Category Archives: Movement

Cut from my document, but it is so juicy

If we are to have student activity…


1. Discouraged students from the major: stop putting them in a position to do so (get them out of 300 and 400 level courses where they have this kind of influence);

2. Worked against the creation and sustenance of extracurricular activities: stop putting them in a position to do so (again, get them out of 300 and 400 level courses where they have this kind of influence);

3. Sent Spanish Club and Sigma Delta Pi dormant / have not had time to do all related paperwork. We must allow someone responsible to revive Sigma Delta Pi and support current leaders in broadening (and making official again) the activities of the Spanish Club.

I can hardly believe that I am having to make such low level recommendations, but it is so. Parties from above are about to kill several majors and at the same time, suggest that random student activity will save them. Ce n’est pas vrai: no desperate activity should be encouraged and one should organize.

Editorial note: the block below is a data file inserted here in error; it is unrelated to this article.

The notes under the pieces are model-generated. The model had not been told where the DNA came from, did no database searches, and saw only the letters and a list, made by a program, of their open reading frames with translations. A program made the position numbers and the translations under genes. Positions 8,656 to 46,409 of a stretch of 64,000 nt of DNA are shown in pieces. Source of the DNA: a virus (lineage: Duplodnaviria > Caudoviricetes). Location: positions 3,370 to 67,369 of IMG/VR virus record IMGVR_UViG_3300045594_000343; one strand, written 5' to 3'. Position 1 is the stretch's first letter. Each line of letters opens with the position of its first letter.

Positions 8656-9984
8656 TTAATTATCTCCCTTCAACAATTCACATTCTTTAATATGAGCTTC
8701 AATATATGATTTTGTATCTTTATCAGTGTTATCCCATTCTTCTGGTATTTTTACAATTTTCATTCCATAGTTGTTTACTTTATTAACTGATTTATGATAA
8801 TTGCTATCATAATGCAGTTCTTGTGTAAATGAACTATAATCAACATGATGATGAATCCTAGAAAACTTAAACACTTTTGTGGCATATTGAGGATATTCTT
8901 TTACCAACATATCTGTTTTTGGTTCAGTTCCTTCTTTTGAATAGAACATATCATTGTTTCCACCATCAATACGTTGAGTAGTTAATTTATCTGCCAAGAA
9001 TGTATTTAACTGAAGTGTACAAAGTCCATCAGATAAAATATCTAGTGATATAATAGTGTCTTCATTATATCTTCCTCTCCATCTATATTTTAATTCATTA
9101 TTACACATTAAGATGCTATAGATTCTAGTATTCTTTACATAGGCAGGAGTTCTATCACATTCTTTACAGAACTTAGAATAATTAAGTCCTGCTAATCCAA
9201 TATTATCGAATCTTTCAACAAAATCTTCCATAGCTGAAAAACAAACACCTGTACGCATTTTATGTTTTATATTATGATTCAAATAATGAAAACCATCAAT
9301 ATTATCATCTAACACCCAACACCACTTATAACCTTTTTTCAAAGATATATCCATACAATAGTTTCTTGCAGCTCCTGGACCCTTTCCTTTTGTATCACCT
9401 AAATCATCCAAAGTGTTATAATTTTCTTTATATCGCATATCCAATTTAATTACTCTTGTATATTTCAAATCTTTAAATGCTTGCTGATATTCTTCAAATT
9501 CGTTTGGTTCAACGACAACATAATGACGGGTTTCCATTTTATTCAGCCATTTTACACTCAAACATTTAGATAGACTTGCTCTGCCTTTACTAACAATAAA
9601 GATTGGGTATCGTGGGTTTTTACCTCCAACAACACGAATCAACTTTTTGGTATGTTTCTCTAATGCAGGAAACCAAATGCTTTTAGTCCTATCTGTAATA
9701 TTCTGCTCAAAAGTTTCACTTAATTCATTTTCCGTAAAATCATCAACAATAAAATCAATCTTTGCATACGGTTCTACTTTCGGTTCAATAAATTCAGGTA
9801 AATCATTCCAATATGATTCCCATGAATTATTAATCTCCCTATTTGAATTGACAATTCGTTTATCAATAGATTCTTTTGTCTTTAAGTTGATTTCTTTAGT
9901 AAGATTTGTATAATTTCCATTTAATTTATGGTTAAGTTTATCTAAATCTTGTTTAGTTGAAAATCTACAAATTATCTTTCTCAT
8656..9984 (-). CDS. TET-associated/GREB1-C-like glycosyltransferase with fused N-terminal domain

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Ryan Craig

C’est donc en raison de ses faiblesses et non de ses réussites que l’université américaine présente une menace: tout l’invite à inventer d’urgence des solutions innovantes et, pour les rentabiliser, à les diffuser à l’étranger. L’Asie sera sa première cible, pour des raisons démographiques et économiques. Mais l’Europe sera également touchée si les Etats-Unis créent ou promeuvent des programmes ou des approches attentifs à l’employabilité des diplômés.

Ces nouveaux modèles seront payants : le marché, en tout cas en France, est prêt, car, depuis dix ans, la croissance du privé et des filières sélectives est spectaculaire. Les fonds d’investissement ne s’y trompent pas : quand leur intérêt pour l’éducation relevait il y a cinq ans de la sphère privée – quelle école pour mon enfant? -, il est désormais de plain-pied dans leur agenda professionnel. Le pedigree de Ryan Craig en témoigne : il dirige University Ventures, l’un d’entre eux…

Read the whole thing.


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Perry Anderson